When the University of North Carolina’s Board of Governors criticizes your management style, boy, are you in trouble.
But that’s the case with North Carolina’s legislature, which still hasn’t passed a state budget and shows no signs of doing so any time soon.
The Honorables at the Legislative Building, as you’ll recall, are at odds with Gov. Roy Cooper, a card-carrying Democrat. Cooper vetoed the Republican-written budget. Since the GOP lost seats in the last election, they can’t override that veto.
Grownups, in this situation, would normally negotiate a compromise, but compromise in politics, as we all know, is for sissies and snowflakes. So, the Republicans passed a bunch of “mini-budgets” to keep some offices running and decided to hunker down on the rest.
Now, this is not exactly a catastrophe. Unlike at the federal level, a budget impasse won’t mean the government is shutting down. Basically, the state will just default to its last budget.
And what’s wrong with that? Enter the Board of Governors — or BOG, as they’re somewhat affectionately known. These worthy gentlemen (actually 19 men and five ladies) owe their jobs to the legislature and they are almost exclusively Republican — not a Bernie-crat in the bunch.
Nevertheless, the BOG passed a resolution Jan. 17 unanimously calling on the legislature to quit monkeying around and pass a budget, for Pete’s sake.
As the BOGgers pointed out, not passing a budget is holding up $800 million the state’s university system really needs, including $130 million for repairs and renovations, building projects on multiple campuses and funds to aid poor students with tuition.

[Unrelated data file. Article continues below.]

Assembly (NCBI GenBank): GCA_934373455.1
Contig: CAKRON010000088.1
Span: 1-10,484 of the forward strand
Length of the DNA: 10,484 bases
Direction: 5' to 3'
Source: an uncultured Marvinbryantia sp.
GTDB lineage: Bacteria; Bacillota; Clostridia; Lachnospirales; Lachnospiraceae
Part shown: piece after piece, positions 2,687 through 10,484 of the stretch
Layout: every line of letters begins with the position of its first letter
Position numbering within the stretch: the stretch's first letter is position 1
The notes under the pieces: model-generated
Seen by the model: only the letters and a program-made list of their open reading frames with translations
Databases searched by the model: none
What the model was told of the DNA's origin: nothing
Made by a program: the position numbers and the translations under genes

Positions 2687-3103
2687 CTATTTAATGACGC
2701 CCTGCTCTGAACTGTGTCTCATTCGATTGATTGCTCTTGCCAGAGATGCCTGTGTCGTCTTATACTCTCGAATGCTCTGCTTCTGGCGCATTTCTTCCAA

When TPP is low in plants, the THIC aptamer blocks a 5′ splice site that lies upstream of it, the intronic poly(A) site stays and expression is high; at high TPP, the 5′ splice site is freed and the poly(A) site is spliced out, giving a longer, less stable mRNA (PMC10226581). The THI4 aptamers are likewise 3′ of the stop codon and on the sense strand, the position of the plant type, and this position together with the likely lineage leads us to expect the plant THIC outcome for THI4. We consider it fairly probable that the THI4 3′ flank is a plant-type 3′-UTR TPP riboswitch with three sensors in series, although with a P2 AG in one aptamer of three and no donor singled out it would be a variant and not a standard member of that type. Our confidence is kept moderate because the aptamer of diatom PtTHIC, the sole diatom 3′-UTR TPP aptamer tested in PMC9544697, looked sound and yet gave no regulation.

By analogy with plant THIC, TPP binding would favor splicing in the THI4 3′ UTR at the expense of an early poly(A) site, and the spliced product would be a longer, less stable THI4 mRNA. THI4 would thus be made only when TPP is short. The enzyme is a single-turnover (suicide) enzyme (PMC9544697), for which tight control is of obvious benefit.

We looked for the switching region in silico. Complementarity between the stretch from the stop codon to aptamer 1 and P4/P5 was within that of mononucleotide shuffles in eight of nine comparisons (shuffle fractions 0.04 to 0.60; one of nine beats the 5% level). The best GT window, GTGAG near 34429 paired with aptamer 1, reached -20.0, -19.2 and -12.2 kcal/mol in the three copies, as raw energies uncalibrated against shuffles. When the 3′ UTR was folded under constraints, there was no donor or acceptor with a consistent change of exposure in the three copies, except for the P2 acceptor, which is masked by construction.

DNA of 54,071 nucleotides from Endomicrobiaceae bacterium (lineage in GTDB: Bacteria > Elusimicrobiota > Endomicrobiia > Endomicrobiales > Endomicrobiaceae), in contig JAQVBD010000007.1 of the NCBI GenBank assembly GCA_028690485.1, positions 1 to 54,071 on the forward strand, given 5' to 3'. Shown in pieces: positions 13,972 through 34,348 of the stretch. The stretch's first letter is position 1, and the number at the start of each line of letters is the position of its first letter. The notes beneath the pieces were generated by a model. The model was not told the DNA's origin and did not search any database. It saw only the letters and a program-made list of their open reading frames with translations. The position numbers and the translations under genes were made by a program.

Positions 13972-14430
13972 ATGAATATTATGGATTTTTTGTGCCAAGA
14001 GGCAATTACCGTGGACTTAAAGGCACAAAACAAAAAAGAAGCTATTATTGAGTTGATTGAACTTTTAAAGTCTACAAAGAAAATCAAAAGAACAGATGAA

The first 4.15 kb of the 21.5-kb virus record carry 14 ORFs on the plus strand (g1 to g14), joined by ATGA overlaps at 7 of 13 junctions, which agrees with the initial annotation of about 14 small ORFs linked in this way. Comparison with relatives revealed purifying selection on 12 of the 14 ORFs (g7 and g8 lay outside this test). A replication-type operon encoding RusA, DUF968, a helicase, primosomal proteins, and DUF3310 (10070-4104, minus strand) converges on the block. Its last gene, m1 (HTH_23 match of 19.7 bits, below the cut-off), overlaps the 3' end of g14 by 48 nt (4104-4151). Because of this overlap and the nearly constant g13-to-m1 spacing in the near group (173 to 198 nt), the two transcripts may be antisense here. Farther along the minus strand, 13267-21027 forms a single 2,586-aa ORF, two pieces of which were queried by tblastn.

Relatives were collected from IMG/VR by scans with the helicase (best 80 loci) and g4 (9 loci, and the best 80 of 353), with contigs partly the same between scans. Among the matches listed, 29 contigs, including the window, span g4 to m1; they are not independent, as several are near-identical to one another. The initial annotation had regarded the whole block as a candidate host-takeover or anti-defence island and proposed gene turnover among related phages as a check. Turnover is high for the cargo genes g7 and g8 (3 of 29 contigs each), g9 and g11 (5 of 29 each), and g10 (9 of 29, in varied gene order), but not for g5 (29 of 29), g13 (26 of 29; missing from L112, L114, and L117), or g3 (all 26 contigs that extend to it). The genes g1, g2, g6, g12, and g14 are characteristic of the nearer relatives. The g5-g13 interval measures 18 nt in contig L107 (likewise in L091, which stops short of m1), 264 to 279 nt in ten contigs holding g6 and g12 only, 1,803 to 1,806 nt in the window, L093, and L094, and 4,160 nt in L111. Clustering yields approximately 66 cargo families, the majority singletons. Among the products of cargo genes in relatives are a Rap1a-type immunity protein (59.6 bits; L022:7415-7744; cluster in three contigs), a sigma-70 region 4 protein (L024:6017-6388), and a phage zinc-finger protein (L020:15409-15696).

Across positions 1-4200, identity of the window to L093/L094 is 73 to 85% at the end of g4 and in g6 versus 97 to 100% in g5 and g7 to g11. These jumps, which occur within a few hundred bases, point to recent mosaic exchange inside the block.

And that’s not all, folks. Without a budget, the state’s teachers aren’t getting any raise at all. (The GOP offered a pay increase that Cooper considered paltry — but again, no bargaining, no compromise.) Some $20 million in funding for housing for low-income and handicapped folks in rural areas is on hold.
Meanwhile, Moody’s, the investment service, has been making noises that if the state doesn’t clean up its act, its bond rating might have to be cut. Translation: The state — meaning taxpayers — will have to pay more interest on bonds and loans.
So, what’s the holdup? The size of the teachers’ raise, for one. Extension of Medicaid coverage to some lowwage workers, for another; Republicans think this smacks of Obamacare, even though other “Red” states have gone along and are collecting millions in federal funds.
If this were a kindergarten class, the warring parties would be taken into a corner and told to make nice and make up. Good advice: Negotiate and break the deadlock. Now.
Contact Bobby Burns at firstname.lastname@example.org and 329.9572.